5 posted on 07/21/2013 6:31:33 PM PDT by boop ("You don't look so bad, here's another")
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To: upchuck

you all know thats where we’re headed...the govt of the IRS, NSA, FEMA, etc will now control 20% of our economy and you better hope that any freepers ever get health care.....becuz they’ll be a picking and a choosin...


6 posted on 07/21/2013 6:32:52 PM PDT by cherry
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To: upchuck

Are y’all pissed off yet?

I’ve been pissed off by politicians, mostly democrats for the past 50 years. It gets worse every year.


7 posted on 07/21/2013 6:35:06 PM PDT by duffee (NO poll tax, NO tax on firearms, ammunition or gun safes. NO gun free zones.)
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To: boop

Cloward - Piven at its best.


8 posted on 07/21/2013 6:37:00 PM PDT by EQAndyBuzz (The reason we own guns is to protect ourselves from those wanting to take our guns from us.)
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To: kevcol
(May 16, 2013) Emanuel plans to shift city retirees to new federal health care plan
9 posted on 07/21/2013 6:37:42 PM PDT by cripplecreek (REMEMBER THE RIVER RAISIN!)
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To: boop
You KNOW that the congress will pass a bill to bail out Detroit.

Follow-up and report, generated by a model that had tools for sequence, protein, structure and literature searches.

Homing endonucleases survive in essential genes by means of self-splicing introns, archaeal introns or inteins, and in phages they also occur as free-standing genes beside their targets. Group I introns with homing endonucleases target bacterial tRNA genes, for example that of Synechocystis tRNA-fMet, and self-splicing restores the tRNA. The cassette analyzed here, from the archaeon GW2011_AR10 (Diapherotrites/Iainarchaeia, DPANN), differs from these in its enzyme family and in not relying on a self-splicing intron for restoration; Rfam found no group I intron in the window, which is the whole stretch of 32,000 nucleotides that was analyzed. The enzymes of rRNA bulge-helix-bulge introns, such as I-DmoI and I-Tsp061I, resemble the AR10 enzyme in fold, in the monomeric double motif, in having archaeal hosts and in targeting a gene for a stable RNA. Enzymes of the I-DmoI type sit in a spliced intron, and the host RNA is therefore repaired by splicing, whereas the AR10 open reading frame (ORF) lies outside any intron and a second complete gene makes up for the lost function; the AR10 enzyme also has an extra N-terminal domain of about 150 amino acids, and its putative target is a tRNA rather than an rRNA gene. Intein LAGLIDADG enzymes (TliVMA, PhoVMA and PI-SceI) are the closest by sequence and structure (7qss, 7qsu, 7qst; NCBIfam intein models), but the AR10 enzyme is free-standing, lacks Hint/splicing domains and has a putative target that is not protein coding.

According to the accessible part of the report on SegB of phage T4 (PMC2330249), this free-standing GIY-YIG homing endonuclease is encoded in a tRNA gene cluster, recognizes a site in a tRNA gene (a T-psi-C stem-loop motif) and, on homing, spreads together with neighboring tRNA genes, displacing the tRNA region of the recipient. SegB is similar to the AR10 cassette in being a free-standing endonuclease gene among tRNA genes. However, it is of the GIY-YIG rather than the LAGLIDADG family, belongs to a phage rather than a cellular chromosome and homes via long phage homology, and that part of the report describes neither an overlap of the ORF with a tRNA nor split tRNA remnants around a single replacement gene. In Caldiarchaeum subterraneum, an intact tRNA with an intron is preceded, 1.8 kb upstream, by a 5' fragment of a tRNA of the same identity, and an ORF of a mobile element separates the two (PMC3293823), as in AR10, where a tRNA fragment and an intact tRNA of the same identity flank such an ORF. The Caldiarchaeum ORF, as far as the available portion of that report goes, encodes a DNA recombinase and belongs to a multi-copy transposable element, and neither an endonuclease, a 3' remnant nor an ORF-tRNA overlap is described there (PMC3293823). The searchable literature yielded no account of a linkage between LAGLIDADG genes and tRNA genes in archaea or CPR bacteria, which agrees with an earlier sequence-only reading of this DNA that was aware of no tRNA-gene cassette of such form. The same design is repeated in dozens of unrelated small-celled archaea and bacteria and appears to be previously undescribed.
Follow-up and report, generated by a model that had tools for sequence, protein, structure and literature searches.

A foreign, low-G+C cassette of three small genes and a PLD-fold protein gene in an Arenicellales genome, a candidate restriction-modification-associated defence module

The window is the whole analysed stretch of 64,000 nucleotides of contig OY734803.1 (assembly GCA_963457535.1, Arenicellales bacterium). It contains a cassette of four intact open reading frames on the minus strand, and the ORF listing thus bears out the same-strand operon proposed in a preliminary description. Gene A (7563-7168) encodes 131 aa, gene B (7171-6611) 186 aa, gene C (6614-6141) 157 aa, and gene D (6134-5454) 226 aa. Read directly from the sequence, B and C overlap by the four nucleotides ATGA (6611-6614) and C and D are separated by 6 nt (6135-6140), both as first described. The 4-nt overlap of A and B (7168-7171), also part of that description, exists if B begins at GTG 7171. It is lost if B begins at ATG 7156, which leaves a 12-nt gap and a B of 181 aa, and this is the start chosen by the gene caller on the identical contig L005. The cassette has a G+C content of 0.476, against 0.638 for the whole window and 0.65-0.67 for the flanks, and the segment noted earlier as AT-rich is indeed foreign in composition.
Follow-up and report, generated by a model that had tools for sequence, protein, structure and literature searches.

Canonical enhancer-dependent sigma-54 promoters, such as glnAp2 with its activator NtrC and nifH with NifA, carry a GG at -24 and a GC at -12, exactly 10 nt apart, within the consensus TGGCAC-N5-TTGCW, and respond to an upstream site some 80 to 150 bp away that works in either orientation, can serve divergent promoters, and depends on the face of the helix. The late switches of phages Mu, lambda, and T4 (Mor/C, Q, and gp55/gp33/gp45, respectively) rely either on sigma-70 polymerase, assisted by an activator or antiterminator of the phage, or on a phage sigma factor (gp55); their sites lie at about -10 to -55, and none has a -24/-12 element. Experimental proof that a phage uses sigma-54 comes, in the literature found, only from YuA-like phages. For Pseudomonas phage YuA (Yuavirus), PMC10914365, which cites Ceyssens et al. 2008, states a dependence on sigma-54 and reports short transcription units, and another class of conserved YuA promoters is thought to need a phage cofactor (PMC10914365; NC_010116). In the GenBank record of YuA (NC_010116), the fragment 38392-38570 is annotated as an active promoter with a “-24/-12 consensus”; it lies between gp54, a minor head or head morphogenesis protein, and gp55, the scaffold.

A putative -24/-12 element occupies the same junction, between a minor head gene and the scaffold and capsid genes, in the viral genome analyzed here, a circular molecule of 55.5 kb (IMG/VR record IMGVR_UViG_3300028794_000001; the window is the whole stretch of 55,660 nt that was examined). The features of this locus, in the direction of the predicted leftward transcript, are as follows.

I hope the House is not stupid enough to fall for this. But I'm uncertain of that.

I'm reasonably sure the Republicans will huff and puff a little for show, then dig the nation deeper into debt to rescue the Democratic [sic] party's failure of Detroit.

10 posted on 07/21/2013 6:59:14 PM PDT by Standing Wolf
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To: cherry

As a federal retiree, I hope the best for everyone, whether they’re public or private retirees, or young people seeking to build a future for themselves and their families. It’s a misconception that those of us with supposedly secure retirements have no concern for the fate of others. I hope you, and others like you, can get the security I seemingly have, and more.


11 posted on 07/21/2013 7:06:23 PM PDT by Route797
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To: kevcol

I don’t get it. How is this disrespectful of Obama?


12 posted on 07/21/2013 7:07:40 PM PDT by Paleo Conservative (Just because you're paranoid doesn't mean they're not really out to get you.)
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To: kevcol

If my little city comes up with a stupid program, I can go to the department or city council meeting and scream at them. I can do the same for any stupid state programs. Stupid federal programs? I’d have to travel to D.C..